We also will examine the state of interconnection and wireline wholesale services starting next year. Effective competition requires that service providers efficiently interconnect with one another and make various wholesale services available to support residential and business retail markets. We want to make sure these arrangements are facilitating the development of a competitive Canadian telecommunications market, while balancing incentives to invest in innovative networks.

In related work, we will review the Commission’s current approach to setting wholesale service rates.

During this fiscal year, we will explore how to make the process more transparent and efficient to make sure the rates the CRTC sets for wholesale services continue to be just and reasonable and in a timely fashion.

I want to reinforce just how crucial it is that your members’ voices are heard before we make policy and regulatory decisions as those decisions are based on the public record that is developed. I strongly encourage you to continue to take advantage of these opportunities. Anyone can file an application or submit an intervention, and our processes are open and transparent. So, make sure your perspectives are considered. As people at the forefront of this industry, your input is very valuable to the process.

Conclusion

All of these activities reinforce our conviction that there must be robust and competitive fixed and mobile wireless markets that provide choice of affordable and innovative services to meet the growing broadband needs of Canadians from coast to coast to coast. Bridging the digital divide and ensuring new divides do not occur is paramount in today’s connected world.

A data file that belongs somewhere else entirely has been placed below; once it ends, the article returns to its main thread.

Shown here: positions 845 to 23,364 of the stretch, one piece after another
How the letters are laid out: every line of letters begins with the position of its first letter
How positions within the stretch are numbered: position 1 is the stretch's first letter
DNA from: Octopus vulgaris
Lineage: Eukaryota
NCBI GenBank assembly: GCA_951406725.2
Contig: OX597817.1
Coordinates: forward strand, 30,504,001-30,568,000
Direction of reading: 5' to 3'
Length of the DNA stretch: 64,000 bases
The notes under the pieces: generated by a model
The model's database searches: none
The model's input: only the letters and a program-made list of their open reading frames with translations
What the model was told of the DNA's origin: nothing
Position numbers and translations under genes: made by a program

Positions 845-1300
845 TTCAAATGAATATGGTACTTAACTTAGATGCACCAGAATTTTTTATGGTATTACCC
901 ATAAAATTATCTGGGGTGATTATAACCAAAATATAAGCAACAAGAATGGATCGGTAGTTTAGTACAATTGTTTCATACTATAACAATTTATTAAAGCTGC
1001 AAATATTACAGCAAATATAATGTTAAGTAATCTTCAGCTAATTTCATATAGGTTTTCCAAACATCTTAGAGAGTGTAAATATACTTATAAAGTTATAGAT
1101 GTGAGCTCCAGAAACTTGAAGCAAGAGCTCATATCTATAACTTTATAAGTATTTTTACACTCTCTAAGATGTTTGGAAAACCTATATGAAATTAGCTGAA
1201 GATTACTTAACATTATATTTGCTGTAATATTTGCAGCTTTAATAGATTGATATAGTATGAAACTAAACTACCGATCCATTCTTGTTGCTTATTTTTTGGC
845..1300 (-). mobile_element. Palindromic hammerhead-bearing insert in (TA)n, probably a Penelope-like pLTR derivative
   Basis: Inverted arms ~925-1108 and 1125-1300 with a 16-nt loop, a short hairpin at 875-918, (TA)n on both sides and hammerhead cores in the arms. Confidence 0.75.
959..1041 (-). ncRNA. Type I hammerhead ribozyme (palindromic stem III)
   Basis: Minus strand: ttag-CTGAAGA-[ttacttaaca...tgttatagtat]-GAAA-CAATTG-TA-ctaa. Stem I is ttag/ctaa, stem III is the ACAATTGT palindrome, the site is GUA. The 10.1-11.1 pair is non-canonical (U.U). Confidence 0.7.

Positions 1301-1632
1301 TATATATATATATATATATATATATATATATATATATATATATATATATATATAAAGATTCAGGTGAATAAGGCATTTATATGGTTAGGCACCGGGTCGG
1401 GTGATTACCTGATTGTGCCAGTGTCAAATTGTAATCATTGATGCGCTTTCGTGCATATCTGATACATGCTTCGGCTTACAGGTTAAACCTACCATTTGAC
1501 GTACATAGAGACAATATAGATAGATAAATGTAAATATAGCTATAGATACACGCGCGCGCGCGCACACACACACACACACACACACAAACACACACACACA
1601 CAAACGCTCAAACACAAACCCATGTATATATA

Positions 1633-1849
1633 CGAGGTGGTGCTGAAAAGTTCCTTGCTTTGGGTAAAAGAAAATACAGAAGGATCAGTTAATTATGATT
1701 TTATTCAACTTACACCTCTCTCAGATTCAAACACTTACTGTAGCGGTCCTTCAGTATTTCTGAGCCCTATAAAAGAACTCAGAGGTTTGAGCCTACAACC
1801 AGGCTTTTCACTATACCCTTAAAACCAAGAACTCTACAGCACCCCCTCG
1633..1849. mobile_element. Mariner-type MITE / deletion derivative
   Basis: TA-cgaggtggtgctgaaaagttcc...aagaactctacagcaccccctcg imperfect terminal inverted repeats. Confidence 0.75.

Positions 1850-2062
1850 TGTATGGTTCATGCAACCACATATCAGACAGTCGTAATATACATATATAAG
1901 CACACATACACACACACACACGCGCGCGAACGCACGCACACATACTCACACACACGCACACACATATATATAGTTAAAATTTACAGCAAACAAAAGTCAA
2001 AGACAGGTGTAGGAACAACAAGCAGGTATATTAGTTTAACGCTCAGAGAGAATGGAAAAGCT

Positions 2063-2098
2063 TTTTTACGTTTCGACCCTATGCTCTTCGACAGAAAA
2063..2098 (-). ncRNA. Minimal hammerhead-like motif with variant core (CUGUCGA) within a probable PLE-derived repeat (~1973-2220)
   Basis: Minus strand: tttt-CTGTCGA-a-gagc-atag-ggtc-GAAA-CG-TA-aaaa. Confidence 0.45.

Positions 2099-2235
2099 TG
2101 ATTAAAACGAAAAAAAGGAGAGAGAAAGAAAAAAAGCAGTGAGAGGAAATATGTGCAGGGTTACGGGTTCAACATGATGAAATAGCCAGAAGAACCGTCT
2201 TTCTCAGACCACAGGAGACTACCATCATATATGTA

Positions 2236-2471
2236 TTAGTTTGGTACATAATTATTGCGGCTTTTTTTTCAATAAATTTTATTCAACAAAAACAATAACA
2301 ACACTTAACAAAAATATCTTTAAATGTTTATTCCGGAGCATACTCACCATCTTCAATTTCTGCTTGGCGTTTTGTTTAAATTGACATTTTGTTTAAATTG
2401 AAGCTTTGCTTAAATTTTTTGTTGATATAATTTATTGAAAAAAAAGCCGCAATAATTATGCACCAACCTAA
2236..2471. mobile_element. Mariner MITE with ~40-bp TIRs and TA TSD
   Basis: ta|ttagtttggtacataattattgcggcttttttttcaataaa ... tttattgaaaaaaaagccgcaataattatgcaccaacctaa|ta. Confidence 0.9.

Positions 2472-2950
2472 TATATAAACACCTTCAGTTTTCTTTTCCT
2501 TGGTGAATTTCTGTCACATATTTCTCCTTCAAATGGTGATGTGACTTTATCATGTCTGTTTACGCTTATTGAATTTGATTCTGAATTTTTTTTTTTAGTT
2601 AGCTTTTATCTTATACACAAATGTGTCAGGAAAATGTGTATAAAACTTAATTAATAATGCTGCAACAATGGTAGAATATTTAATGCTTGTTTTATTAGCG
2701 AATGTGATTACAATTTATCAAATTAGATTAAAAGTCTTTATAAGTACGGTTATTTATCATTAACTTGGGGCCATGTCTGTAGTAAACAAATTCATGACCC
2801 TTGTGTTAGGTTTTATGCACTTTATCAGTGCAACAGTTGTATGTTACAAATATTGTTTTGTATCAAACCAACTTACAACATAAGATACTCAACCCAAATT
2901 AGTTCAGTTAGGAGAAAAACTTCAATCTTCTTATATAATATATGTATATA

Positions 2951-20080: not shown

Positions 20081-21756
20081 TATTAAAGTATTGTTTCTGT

I believe that recent Commission decisions and actions – including the Broadband Fund – will help to advance our universal service objective.

But the CRTC only holds a few of the levers. Ultimately, all stakeholders need to work together to enable all Canadians, whatever their digital address, to participate fully in the digital economy and the digital society.

As industry leaders and innovators, you are in a position to make a meaningful difference as you continue to build and deliver advanced services and infrastructure throughout all regions of British Columbia and the rest of Canada. I wish you every success as you carry on this very important work.

Thank you.